Research & Commentary: Education Spending and Student Achievement
Polls consistently show voters generally think public schools need more money – but they estimate school spending is at most half of what it really is.
Polls consistently show voters generally think public schools need more money – but they estimate school spending is at most half of what it really is. Education spending has become a matter of much debate, particularly with the housing market crash having reduced the property taxes that largely fund public schools and related economic woes making it difficult for unemployed and underemployed Americans to afford current or higher income and sales taxes.
People who call for still-higher education spending often say it will boost the economy because better-trained workers can earn and contribute more by producing more and better products and services. They also claim schools have cut budgets “to the bone,” eliminating popular electives such as sports, music, and art and implementing austerity measures such as opening windows to see by natural light rather than using electric lights. They show pictures of children using old textbooks and desks inside classrooms where heat functions poorly and of school bathrooms where sewers back up.
People who favor lower taxes and education spending note research demonstrating private schools, though operating on much tighter budgets, have newer and better-functioning facilities and turn out better-educated students. Total U.S. education spending in inflation-adjusted dollars has tripled since 1950, but students, on average, aren’t learning more. Minority and poverty achievement gaps persist. Research actually shows increasing K-12 education spending hurts the economy because public schools lack incentives to manage money wisely and their inefficiency squanders taxpayers’ money.
Public schools generally don’t lose money or go out of business if they perform poorly. School choice realigns financial incentives so everyone benefits as administrators cut costs and spend money directly on improving learning.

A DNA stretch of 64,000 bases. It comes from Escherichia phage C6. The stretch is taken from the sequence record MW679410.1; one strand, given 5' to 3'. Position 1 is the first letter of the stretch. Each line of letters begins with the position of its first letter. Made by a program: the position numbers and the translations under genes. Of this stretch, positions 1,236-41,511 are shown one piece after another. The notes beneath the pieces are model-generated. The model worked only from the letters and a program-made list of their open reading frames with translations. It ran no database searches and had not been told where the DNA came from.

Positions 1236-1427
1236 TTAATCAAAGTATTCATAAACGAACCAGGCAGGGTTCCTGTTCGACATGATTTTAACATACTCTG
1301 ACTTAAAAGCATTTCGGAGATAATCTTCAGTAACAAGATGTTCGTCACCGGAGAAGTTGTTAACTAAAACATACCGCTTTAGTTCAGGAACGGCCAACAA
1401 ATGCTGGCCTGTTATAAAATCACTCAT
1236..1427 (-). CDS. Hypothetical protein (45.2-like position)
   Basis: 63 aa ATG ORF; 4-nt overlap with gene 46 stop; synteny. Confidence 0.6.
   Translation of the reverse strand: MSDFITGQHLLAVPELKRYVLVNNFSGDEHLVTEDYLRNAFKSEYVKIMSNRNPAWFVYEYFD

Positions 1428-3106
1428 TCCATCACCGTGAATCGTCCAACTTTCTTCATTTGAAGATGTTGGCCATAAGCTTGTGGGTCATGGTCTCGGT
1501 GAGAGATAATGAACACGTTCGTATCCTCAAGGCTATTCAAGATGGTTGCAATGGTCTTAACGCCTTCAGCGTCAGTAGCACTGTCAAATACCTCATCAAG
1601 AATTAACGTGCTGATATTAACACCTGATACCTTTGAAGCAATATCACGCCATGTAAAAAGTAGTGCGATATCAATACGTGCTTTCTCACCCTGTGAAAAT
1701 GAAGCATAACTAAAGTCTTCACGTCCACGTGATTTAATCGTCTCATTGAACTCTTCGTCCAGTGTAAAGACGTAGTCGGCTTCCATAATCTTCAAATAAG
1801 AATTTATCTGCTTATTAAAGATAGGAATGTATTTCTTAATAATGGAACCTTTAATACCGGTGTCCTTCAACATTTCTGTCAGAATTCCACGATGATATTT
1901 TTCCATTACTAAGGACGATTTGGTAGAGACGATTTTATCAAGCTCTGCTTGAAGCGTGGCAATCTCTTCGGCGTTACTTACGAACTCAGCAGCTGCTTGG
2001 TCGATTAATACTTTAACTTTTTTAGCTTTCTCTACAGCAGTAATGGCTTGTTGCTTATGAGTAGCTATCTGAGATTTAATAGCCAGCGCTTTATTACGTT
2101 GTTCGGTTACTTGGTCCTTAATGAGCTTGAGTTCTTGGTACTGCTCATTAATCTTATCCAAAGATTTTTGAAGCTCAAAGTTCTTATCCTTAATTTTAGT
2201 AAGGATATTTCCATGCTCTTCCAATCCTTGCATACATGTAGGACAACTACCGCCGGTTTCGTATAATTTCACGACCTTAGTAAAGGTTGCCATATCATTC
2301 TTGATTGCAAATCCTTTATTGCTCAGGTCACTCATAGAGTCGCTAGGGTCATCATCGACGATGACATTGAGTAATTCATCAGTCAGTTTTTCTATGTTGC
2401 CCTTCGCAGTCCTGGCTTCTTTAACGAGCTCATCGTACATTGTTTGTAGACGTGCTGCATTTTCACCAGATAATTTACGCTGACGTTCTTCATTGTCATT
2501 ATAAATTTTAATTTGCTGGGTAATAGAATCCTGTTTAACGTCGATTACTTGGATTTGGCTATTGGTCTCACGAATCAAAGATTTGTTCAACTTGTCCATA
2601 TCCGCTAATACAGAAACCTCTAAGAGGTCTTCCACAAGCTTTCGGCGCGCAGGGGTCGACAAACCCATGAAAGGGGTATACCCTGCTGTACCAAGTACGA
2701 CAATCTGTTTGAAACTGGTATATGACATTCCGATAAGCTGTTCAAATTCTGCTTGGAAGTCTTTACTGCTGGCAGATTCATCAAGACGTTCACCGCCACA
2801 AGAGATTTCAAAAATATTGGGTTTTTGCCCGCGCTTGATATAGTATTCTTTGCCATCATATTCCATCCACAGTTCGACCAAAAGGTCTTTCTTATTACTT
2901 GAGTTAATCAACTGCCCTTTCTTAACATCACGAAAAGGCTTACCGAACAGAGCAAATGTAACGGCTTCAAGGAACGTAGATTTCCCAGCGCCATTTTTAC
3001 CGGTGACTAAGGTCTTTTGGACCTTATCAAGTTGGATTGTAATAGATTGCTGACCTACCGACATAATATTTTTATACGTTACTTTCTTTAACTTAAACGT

The following documents offer more information about U.S. education spending and student achievement.
School Property Tax Reform Must Start with Cost Containment
A central reason school property taxes have become such a burden is that the cost of education has risen rapidly – 53 percent in Pennsylvania over the past decade – while enrollment has stayed the same, concludes the Allegheny Institute for Public Policy. The article recommends several ways to contain education costs and control property taxes. These include not allowing teachers and other school employees to strike; removing the requirement that teachers cannot be laid off during periods of financial difficulty unless enrollment falls or entire programs are cut; and removing the “prevailing wage” requirement for school construction.
The Myth of Education Cuts and Why Money Can’t Buy an A+
Many Arizonans, like many Americans, believe their state “underfunds” education. In fact, writes Jonathan Butcher for the Goldwater Institute, Arizona education spending has mirrored national education spending by rising consistently, in inflation-adjusted dollars, for several decades. When people spend more money on something, they expect higher quality, but in education, state and federal data show nearly a half-century of funding increases has not translated into higher test scores. Lawmakers and taxpayers must confront the evidence: funding has increased, but student achievement has not.
Education Spending Doesn’t Deliver
Though usually spending more means you get something better, Washington spends huge amounts on education but gets almost no improvement in return, explains Neal McCluskey in the Chattanooga Times-Free Press. This is because of a basic truth: If you give people $100 more to buy something, sellers will raise their prices $100. The buyers are no worse off, the sellers are better off, and the only losers are the people who furnished the money. In federal education spending, McCluskey says, we call these losers “taxpayers.”
Achievement Growth: International and U.S. State Trends in Student Performance